Clive Ndou
Politics editor
2 minute read
21 Jul 2022
07:17

IFP calls on Ramaphosa to respond to farm robbery queries

Clive Ndou

According to a complaint by former spy boss Arthur Fraser, which was lodged with the police, Ramaphosa concealed a 2020 robbery that took place at his Limpopo Phala Phala farm.

President Cyril Ramaphosa

The IFP on Wednesday called on President Cyril Ramaphosa to co-operate with the Office of the Public Protector’s investigation into the Phala Phala farm robbery.

This after Acting Public Protector Kholeka Gcaleka indicated that she is intending to subpoena Ramaphosa following his failure to meet her deadline to file replies to the 31 questions that the Office of the Public Protector wants the president to answer around the robbery.

While the Presidency said Ramaphosa’s lawyers are engaging Gcaleka on the deadline matter, IFP spokesperson Mkhuleko Hlengwa said the president’s failure to meet the Public Protector’s deadline sets a “dangerous precedent”.

“This dereliction of duty on the part of President Ramaphosa in failing to respond to an official request from the PPSA is a travesty of justice. It further sets in motion a dangerous precedent as regards oversight and accountability. This while the country is still fragile and reeling from the devastating effects of state capture,” Hlengwa said.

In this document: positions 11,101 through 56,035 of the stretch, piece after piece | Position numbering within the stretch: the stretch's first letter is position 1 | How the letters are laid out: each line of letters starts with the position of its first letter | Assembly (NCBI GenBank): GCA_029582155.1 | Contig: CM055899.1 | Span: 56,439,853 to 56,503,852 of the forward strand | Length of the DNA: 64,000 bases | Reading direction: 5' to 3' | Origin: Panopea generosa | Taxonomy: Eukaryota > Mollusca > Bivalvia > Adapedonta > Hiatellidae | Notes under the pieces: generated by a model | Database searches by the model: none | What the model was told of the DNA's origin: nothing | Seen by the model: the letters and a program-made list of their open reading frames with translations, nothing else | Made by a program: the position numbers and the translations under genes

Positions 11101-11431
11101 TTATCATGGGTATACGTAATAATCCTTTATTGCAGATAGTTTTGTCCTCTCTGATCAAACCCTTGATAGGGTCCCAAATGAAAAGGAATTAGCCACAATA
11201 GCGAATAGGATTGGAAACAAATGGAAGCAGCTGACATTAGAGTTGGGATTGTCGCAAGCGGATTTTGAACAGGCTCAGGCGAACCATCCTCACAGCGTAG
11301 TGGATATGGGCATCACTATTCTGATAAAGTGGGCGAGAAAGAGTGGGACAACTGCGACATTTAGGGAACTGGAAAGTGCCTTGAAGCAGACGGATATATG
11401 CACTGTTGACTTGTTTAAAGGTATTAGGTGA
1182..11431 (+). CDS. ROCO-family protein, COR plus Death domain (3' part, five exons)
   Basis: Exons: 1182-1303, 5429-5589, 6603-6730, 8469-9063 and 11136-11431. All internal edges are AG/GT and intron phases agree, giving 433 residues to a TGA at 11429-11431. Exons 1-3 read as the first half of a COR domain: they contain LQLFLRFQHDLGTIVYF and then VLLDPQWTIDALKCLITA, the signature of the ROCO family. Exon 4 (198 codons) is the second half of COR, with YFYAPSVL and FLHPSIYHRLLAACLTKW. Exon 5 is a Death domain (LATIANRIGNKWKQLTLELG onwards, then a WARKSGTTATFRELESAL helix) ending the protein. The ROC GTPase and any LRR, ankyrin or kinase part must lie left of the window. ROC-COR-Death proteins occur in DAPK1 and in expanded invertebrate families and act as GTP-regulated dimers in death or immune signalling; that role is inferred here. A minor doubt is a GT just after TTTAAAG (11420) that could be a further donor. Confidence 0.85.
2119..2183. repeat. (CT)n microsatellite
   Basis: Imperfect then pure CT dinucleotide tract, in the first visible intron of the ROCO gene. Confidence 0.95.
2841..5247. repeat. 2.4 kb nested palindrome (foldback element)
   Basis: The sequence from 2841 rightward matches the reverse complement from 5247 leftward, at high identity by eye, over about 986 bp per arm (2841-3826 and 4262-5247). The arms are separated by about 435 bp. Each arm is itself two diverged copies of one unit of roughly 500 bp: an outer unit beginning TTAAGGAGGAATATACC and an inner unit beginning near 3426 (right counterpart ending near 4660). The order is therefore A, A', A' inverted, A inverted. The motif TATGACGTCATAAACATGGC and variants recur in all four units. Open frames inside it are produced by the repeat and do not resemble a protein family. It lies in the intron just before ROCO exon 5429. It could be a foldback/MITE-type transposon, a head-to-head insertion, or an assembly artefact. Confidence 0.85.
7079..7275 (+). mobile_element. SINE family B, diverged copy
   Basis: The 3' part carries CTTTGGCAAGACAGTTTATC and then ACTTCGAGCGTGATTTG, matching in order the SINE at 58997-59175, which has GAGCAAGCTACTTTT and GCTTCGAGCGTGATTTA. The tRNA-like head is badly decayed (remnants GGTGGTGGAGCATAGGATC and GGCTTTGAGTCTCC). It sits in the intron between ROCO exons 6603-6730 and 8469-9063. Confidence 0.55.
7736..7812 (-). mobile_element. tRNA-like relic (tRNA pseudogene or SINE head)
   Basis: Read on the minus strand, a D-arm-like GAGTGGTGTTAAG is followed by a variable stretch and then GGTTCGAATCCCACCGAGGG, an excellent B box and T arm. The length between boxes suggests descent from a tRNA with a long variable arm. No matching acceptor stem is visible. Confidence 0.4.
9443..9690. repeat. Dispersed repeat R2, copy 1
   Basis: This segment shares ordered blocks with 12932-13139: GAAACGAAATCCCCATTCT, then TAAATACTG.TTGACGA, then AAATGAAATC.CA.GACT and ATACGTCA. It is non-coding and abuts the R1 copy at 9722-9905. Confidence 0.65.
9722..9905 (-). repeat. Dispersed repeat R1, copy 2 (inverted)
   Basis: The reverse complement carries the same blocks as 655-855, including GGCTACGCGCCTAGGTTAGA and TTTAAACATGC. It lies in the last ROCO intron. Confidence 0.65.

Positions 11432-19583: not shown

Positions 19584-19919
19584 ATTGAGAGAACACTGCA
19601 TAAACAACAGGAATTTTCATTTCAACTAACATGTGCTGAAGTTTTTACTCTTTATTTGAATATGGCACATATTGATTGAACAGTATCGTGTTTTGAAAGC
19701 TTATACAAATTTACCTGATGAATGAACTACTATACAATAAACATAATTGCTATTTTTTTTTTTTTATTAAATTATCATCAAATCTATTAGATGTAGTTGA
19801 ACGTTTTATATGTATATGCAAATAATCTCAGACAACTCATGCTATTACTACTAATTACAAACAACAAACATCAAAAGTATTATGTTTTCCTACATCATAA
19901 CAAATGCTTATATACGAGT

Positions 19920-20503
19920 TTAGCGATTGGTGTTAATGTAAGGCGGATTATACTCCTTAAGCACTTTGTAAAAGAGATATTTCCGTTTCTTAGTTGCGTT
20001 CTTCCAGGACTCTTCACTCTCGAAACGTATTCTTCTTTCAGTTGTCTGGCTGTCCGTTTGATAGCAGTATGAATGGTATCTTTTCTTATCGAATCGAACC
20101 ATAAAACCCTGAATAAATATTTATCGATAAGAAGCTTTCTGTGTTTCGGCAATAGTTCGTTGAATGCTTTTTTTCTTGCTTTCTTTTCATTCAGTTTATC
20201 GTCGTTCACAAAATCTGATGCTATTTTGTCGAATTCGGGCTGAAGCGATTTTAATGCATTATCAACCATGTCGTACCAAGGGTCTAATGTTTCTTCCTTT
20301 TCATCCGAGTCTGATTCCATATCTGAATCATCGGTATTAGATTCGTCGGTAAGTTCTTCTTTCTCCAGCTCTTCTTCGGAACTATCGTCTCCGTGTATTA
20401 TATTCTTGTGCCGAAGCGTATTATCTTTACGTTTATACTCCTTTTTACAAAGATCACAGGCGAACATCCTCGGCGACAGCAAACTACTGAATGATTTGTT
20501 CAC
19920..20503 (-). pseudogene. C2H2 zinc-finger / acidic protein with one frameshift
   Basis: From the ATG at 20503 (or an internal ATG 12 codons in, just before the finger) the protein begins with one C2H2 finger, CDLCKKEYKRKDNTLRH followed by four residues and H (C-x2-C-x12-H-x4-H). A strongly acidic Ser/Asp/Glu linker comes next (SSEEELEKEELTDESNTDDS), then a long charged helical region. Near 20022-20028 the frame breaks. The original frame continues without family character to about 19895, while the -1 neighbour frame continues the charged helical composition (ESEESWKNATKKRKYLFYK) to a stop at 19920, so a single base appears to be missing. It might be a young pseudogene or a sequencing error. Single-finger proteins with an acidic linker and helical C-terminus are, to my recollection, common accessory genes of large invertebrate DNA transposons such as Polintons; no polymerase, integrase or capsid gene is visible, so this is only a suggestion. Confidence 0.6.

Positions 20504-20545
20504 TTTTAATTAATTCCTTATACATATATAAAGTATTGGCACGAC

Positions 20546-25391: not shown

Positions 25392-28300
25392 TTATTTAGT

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According to a complaint by former spy boss Arthur Fraser, which was lodged with the police, Ramaphosa concealed a 2020 robbery that took place at his Limpopo Phala Phala farm.

The robbery, Fraser said, saw the thieves escape with about U.S.$4┬ámillion in cash hidden in a mattress at Ramaphosa’s farm.

While Ramaphosa is on record as saying the cash stolen during the robbery was far less than $4 million, the president, citing the sub judice principle, has so far declined to disclose more details around the robbery. However, Hlengwa said Ramaphosa has an obligation to respond to the Public Protector’s questions.

The president, as first citizen and head of the executive arm of government, more than any other South African, has a responsibility to lead by example, particularly in matters relating to upholding and respecting the rule of law. Further, the president has a duty, as per the Constitution, to promote the unity of the nation and that which will advance the republic.

“Openness and accountability on the part of the executive are essential elements for a successful South Africa. As the IFP, we therefore call on the president to reconsider his position, and to co-operate fully and timeously with the PPSA’s request for information,” he said.